Map Kibera also points to the challenge of trying to convince other related organizations (in our case, we are trying to build alliances of tutor/mentor programs - but also trying to encourage cooperation among faith-based and other theoretically like-minded groups like the Baptist community featured in the second map above - to join hands in support of at-risk youth). Map Kibera shares our frustration that "organizations do not like to share information ... There are so many organizations that they tend to see each other as competition. A collaborative spirit is hard to achieve, and it is not obvious to many why they would benefit from working together ... Every group was interested in having a map for their purposes; few have the sense of why an open and shared platform for everyone could be even better. The technology world has an ethos of creative collaboration alongside competition, in the spirit of innovation and problem solving. It is hoped that this concept will over time influence organizational behavior."
Despite these challenges, hopefully the "impacts" that an organized, well-invested, map-based project like Map Kibera has had can open eyes to the wisdom of similar programs - such as T/MC in Chicago.
Participants from Kibera, in their own words, according to the Map Kibera wiki, claim to have learned new technical skills, taken new-found pride, and obtained new social/advocacy skills that "may translate to other experiences and support their overall personal development," and could certainly lead to "leadership skills and [a new] sense of responsibility to the community." Tutor/Mentor Programs such as Cabrini Connections have clubs that teach tech skills as well as other media skills that can have these same effects. In fact, Mapping For Justice has worked closely with these clubs in the past and has even developed curricula designed to teach similar advocacy-through-mapping skills, if time and investment ever allows.
In addition to the "personal impact" on participants, Map Kibera documented "community impact," such as bringing "the community closer to legitimacy and giving a sense of being a real neighborhood. Sensitive to external perceptions and its negative reputation, Kiberans appreciate any image such as this map that portrays it in a positive, or at least 'normal' light." Clearly one of our missions has been to supplement the negative news a ghettoized and beleaguered neighborhood like Englewood in Chicago receives, to encourage potential volunteers and business leaders to re-imagine the potential of these neighborhoods' wealth of talented students.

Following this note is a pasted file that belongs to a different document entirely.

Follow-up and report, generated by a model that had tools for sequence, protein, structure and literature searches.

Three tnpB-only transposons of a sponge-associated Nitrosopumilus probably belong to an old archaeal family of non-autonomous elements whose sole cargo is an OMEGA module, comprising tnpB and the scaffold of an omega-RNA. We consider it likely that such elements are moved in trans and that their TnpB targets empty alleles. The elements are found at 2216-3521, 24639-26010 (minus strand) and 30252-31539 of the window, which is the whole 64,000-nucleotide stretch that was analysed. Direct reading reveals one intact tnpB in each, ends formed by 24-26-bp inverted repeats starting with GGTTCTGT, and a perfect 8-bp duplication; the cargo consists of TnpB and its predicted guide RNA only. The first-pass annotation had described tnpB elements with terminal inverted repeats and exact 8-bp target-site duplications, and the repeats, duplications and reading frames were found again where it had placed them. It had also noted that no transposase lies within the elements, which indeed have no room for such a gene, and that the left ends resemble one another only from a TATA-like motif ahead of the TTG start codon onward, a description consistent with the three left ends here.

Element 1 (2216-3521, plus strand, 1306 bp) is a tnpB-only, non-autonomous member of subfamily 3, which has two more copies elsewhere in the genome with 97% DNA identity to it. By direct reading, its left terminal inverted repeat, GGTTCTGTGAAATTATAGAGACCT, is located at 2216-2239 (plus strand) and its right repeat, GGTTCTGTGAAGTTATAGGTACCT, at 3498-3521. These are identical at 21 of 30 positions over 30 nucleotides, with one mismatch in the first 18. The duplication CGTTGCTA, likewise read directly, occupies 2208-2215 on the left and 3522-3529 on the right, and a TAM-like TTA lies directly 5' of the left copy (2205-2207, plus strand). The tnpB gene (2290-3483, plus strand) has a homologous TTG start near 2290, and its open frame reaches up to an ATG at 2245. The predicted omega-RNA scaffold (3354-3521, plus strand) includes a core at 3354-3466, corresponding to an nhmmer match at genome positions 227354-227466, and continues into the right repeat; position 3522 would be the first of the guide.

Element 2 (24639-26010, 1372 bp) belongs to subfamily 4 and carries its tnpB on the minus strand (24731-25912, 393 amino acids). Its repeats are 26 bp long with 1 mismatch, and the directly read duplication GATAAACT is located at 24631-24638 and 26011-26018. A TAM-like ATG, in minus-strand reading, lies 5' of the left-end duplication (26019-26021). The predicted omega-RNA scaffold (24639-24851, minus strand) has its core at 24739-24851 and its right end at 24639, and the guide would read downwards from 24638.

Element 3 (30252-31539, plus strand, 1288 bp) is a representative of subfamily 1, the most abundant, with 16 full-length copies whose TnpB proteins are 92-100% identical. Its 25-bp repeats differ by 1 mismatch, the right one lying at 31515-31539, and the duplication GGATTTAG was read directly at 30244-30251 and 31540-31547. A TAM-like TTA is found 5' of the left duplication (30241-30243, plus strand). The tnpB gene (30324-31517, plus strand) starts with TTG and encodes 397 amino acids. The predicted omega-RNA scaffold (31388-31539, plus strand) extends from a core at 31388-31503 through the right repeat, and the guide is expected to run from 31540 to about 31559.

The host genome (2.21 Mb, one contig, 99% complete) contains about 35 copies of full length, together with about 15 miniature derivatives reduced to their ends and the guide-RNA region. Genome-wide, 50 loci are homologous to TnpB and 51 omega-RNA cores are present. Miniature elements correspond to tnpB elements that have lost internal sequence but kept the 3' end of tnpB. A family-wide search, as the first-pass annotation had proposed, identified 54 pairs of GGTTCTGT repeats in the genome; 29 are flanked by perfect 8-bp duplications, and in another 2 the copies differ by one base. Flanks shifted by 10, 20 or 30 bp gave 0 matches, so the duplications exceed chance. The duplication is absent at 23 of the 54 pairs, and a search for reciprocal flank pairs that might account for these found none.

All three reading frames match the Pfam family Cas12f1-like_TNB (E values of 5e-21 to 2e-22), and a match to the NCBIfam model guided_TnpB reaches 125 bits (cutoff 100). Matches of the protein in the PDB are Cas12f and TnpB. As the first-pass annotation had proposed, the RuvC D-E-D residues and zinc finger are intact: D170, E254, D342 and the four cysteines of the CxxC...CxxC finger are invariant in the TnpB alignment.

Excitingly, Map Kibera's impact has lead to an increased number of organizations that are suddenly "keen to be represented and eager to learn how they can make use of the map as well as the [program] site to highlight their activities ... Groups that are interested in a variety of issues such as health, gender-based violence, sanitation, new mobile phone services, farm-to-market supply chain, large-scale conflict mapping, peace promotion, and others have contacted the directors to look into collaboration or use of collected data, sparking new thinking on each issue and the potential for the project to move in unexpected directions."
This sort of community participation through the use of maps is the ultimate goal of T/MC's Mapping For Justice project.
Thanks again to my friend who pointed me to the Map Kibera project. It has allowed me to reflect on similar goals, problems, and solutions we are facing right here in Chicago. Hopefully it has also opened the eyes of those who are curious and seeking "proof" that mapping can impact the ways organizations like T/MC can bring positive change to our communities.
(If nothing else, I am at least encouraged someone is thinking of our work at Mapping For Justice when they find a project like Map Kibera!)